Officials at Manchester Airport in northern England have suspended a security guard for failing to notice a "fake bomb" in a passenger's hand luggage, the Manchester Evening News reported.
Transport authorities had deliberately planted the device to check whether safety procedures were properly followed. They were not.
The pretend explosives, which the Evening News said were "designed to clearly look like a bomb," were cleared for take-off despite passing through the airport's scanners.
The security officer who should have spotted them was reportedly absorbed in checking her work rota at the time.
She has since been suspended and an investigation launched.
The UK's Department for Transport told the BBC that it regularly carried out inspections at all of the country's airports. Some are covert, involving officials posing as passengers or even flight attendants to test security procedures.
(NB: Airports tend to take less kindly to anyone else pretending to have a bomb. One man got himself a conviction for tweeting that he would blow another British airport "sky high" when it was closed due to snow; the verdict was later overturned.)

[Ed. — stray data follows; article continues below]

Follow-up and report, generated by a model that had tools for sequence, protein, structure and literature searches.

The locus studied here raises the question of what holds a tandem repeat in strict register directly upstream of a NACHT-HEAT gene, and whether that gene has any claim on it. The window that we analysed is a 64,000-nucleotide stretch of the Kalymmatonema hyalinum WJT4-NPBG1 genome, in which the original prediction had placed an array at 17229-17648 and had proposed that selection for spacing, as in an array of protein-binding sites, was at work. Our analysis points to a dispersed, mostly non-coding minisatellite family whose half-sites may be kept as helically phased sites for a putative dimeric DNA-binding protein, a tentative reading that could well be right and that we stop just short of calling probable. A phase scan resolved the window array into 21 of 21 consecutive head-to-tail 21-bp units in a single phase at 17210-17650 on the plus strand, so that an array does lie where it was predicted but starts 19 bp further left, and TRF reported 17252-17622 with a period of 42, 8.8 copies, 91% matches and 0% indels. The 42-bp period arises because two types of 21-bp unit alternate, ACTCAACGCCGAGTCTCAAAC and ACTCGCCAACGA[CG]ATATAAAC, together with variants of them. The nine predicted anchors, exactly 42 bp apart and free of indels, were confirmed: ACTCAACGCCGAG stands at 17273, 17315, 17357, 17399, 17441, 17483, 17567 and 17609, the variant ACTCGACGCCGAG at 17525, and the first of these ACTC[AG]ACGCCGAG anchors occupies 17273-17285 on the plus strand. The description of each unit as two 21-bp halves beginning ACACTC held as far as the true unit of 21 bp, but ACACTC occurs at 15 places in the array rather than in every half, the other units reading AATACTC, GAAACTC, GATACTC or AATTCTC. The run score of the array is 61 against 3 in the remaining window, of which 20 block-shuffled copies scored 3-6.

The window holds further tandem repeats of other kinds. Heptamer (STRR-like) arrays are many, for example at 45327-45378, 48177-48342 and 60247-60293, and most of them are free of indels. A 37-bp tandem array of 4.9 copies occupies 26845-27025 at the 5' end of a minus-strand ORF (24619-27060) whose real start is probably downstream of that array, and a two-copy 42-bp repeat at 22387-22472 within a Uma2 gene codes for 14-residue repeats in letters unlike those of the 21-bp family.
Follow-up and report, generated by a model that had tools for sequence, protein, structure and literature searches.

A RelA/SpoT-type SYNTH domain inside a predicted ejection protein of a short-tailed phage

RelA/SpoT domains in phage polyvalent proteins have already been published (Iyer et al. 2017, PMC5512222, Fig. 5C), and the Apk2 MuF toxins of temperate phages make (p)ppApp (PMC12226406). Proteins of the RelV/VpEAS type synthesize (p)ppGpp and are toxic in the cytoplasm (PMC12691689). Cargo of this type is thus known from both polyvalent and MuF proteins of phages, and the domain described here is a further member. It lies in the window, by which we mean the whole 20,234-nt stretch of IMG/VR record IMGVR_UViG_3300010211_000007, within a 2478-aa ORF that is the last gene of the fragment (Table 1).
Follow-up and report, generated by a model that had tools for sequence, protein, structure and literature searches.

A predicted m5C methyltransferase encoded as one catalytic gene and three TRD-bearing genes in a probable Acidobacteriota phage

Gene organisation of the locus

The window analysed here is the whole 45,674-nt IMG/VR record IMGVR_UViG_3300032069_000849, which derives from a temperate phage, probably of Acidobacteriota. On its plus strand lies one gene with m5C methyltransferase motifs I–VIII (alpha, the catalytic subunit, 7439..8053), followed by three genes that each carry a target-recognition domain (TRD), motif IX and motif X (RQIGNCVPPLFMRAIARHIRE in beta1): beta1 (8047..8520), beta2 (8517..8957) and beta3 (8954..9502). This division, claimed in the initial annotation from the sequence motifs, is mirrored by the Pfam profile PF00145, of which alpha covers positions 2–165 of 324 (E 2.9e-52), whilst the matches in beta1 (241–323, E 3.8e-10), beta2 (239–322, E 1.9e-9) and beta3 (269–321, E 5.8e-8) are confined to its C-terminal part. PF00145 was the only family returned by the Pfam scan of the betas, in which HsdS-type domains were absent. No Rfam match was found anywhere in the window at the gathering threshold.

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Manchester, by the way, is the same airport that allowed an 11-year-old boy to board a plane for Rome without either a passport or a ticket. That incident, just days before the opening of the London Olympics in July, prompted the British Transport Secretary to order several high-level investigations.
But Manchester officials can take comfort, even if passengers can't, from the knowledge that they're not alone in occasionally letting the wrong things onto planes. Other notable lapses in airport security include a chef taking four kitchen knives onto a flight from Chicago O'Hare, and a woman sneaking her pistol onto a plane at Dallas-Fort Worth.
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